At least that is what we are being told by the media outlets…and…well, the data does support it. That said, and as you can anticipate, that is not the full story. Remember, current market data is a lagging indicator of sales activity which transpired months ago, typically between 3-4 months prior. When that data is down, boy does the media love to sensationalize it. So the sky has fallen so-to-speak, but now we are getting to survey some of the wreckage and identify actual value and, more importantly, deals.
The media is currently reporting on horrific Q3 results, contrasting it with a near record-setting June which completed Q2. In April, it was announced that higher Mansion and Transfer Taxes would be levied on both buyers and sellers who closed after June 30th. This potentially costly deadline accelerated an overwhelming number of sales forward, sales that would have otherwise naturally closed in Q3. So in essence, Q2 took Q3’s thunder, a quarter that is historically the slowest of the year anyway. So what transpired has skewed the numbers and created an opportunity for provocative headlines in the papers.
Activity has been moderate thus far in Q3, but the market traffic of buyers generally picks-up after the Jewish holidays, a notorious speed-bump in the Fall market momentum. More offers are being made and increasing numbers of sellers are capitulating, hence establishing a new normal…to be revealed later. As mentioned, today’s activity will be tomorrow’s numbers, a lagging indicator not to be realized until probably Q1 of 2020. Those numbers will become facts/data that new sellers will not be able to deny. The resulting gap between bid and ask will narrow, creating a more favorable environment to fairly negotiate among themselves. More deals will improve sentiment and encourage those on the sidelines to get in; they won’t want to miss out. This is primarily true for resales, especially coops. The multiplicity of new condo construction inventory is another thing, and it keeps growing.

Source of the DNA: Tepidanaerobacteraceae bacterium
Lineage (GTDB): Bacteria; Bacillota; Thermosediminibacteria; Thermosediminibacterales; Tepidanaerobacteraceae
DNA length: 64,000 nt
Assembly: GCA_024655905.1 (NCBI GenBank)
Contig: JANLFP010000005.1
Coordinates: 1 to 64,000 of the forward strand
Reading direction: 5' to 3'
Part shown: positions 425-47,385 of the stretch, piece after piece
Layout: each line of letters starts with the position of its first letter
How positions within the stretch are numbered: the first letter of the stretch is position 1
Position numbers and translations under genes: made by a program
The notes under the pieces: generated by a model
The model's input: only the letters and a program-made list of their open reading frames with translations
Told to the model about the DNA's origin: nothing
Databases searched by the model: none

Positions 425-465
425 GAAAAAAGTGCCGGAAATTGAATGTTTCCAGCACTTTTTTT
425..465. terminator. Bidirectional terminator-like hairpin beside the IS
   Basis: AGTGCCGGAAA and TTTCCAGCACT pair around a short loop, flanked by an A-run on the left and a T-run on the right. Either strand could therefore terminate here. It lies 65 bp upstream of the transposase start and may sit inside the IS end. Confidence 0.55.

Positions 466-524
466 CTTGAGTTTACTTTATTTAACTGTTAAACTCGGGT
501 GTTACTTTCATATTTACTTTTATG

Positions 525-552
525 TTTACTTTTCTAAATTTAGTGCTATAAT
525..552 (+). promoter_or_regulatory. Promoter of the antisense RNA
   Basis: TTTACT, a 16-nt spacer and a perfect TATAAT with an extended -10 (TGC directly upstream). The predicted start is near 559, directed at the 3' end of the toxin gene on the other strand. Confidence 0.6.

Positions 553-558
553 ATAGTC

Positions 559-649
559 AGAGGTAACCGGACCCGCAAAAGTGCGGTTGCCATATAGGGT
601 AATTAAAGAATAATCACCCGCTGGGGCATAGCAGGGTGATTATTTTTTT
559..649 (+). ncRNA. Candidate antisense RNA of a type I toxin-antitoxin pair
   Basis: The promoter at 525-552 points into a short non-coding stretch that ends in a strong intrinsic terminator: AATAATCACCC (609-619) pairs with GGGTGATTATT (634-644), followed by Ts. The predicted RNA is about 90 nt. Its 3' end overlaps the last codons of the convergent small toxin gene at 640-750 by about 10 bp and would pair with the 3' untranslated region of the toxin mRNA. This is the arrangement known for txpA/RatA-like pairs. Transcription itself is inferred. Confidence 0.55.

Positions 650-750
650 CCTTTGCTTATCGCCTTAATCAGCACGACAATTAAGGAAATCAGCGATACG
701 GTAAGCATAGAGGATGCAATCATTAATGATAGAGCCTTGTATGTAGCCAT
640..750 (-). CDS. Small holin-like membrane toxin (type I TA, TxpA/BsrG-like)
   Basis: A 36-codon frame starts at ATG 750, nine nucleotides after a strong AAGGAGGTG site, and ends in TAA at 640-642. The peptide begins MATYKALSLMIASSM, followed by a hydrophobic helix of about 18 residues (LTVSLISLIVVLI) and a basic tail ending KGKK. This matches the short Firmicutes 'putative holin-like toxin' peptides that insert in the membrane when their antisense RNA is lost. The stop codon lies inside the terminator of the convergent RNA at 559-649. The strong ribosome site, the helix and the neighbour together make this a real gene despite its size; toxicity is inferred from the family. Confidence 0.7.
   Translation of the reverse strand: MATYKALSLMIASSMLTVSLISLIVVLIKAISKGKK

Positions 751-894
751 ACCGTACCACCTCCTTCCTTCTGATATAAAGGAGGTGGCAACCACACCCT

With interest rates so low (the 30 year fixed has dipped to 3.25%), we are likely seeing the market flatten, with the downward slide pausing, if not changing direction. Also, luxury rental numbers have been on the rise, making an already favorable buying market that m uch more attractive. Again, as successful real estate investor and author of the new book “I Can I Will I Must,” Alan Schnurman wrote, “When you’re crying, you should be buying. Real estate is basic economics. Buy when there is more supply than demand. Sell when there is more demand than supply.
Are you prepared to dive in? You should always know what you are in a position to buy or sell at all times. If you don’t know, reacquaint yourself with the marketplace. What is your property worth? What can you afford to buy? Anyone interested in buying or selling, should be rolling up their sleeves to determine whether the time is right to sell or if there’s a home or investment property out there for them.
Licensed Real Estate Broker
Brown Harris Stevens
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